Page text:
And clinical psychologist Neha Patel is now counselling about five children with non-clinical issues every month, up from only one a month in 2009.
“The stigma attached to seeing a mental health expert has faded, at least in urban India, to the extent that parents feel comfortable seeking help even with minor issues, if they feel those issues are hampering the development of their child,” says Mehta.
It’s not all good news, however, cautions sociologist Gita Chadha. “Some-times, this can be a sign of what I call a growing crisis of confidence among young, urban parents,” she says. “In a rapidly changing world, they are not as sure of their parenting paradigms as their parents were.”
In Khar resident Dipti’s* case, however, it was a conscious decision to frame her own parenting paradigm that drove her to a mental health professional.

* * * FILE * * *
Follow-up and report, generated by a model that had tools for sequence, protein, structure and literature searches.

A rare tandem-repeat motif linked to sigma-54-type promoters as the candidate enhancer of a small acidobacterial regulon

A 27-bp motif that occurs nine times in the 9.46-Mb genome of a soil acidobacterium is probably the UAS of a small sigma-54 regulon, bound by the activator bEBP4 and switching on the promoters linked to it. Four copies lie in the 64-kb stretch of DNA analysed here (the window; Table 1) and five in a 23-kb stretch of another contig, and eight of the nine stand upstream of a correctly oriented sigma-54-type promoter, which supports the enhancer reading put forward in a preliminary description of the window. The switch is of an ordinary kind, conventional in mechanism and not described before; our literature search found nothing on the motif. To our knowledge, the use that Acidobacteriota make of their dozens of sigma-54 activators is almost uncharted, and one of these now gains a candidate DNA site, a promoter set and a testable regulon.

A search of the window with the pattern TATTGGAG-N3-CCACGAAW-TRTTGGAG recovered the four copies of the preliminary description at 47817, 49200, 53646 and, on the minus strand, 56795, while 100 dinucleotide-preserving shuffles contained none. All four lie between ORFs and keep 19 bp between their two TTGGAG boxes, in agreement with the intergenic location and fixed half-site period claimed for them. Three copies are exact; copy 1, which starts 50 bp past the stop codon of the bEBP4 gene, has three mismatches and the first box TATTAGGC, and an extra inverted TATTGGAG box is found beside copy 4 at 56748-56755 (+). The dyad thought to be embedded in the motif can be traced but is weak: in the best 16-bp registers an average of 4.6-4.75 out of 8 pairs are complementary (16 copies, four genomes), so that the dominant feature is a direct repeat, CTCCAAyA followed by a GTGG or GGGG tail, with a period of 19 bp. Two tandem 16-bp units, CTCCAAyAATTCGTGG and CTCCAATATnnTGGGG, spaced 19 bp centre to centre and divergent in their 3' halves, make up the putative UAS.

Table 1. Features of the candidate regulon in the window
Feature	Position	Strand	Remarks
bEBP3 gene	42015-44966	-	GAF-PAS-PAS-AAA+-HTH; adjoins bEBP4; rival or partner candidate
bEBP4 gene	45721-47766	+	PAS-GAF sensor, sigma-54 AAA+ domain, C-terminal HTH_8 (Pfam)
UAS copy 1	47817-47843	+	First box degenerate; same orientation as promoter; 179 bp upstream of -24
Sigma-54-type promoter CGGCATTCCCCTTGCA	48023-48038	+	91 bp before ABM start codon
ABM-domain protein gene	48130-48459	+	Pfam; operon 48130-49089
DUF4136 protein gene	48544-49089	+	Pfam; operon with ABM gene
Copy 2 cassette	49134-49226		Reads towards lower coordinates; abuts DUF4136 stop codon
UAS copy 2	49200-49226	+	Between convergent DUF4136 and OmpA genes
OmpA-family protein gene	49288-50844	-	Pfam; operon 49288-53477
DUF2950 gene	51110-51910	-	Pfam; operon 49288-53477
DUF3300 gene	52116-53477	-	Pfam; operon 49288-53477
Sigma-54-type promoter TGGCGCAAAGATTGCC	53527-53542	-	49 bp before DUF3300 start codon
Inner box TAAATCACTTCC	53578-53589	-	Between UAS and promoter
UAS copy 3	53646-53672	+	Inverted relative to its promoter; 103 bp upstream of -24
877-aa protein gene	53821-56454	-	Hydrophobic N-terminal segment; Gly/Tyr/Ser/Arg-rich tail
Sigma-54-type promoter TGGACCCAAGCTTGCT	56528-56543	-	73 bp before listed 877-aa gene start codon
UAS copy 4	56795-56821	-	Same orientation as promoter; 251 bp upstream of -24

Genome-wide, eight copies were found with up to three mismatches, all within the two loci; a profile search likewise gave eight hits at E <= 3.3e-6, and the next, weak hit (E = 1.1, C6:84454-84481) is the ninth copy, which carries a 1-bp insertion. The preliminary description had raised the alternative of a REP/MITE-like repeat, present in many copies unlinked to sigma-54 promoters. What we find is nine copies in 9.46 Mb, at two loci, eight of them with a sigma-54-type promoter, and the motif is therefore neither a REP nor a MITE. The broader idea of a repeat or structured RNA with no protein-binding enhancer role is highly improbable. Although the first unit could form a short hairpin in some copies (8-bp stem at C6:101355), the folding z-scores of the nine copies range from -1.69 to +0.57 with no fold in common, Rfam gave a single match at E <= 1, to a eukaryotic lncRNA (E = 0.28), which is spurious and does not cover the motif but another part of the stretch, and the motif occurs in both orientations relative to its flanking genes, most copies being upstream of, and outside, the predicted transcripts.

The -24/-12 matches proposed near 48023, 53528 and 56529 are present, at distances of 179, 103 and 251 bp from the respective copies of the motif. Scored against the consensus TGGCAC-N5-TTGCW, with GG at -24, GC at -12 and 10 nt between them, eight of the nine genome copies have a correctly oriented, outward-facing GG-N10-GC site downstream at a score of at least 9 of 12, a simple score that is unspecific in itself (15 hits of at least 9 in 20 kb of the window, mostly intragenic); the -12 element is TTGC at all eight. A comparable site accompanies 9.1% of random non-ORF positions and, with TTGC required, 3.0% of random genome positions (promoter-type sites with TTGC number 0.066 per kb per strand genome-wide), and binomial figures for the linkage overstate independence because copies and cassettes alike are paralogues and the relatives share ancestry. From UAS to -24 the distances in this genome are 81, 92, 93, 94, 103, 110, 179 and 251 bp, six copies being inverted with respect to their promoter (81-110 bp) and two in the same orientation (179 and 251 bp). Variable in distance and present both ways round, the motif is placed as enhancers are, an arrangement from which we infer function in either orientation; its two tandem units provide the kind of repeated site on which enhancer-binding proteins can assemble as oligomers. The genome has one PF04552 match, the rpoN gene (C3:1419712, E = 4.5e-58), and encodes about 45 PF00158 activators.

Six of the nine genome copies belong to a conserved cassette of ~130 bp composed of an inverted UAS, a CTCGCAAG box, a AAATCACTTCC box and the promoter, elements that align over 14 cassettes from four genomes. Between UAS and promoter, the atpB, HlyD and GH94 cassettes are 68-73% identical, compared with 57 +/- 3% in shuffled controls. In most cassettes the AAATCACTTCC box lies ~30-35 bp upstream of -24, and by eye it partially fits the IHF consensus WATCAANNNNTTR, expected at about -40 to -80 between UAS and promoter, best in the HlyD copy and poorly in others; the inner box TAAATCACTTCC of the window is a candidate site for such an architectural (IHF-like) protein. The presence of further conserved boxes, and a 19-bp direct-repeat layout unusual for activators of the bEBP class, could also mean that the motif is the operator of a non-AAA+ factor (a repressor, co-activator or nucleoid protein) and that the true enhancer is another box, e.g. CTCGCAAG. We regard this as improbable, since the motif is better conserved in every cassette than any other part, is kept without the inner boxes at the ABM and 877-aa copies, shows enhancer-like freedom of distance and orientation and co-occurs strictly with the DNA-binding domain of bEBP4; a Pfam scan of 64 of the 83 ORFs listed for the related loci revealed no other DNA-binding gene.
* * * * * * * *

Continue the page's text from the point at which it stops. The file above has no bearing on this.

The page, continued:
She felt her in-laws were spoiling her five-year-old son Amar*. So when his tantrums and stubbornness became increasingly frequent and unmanageable two months ago, she approached Gabhrani against their advice.
“I don’t want Amar to grow into a spoilt, ill-mannered brat,” she says.
After five sessions, Dipti says her son is already showing some improvement.
“I am happy I sought professional help,” she says.
Childcare experts, however, argue that most of the ‘treatment’ — in Gabhrani’s case, extensive conversations to draw the child out, then build up his confidence or teach him to use his words, share, take no for an answer — are entirely possible for parents to perform themselves, perhaps with a little instruction from elders or experts.
“That’s why this is a line that parents need to cross with caution,” says Swati Popat Vats, president of Early Childhood Association (ECA), a forum for parents, teachers and counsellors. “They must be wary of slipping into ‘give-up’ parenting, where they surrender too easily at the first sign of trouble.”
‘When he jumped off the fridge, it was the last straw'
Hemali, 40, mother of a hyperactive seven-year-old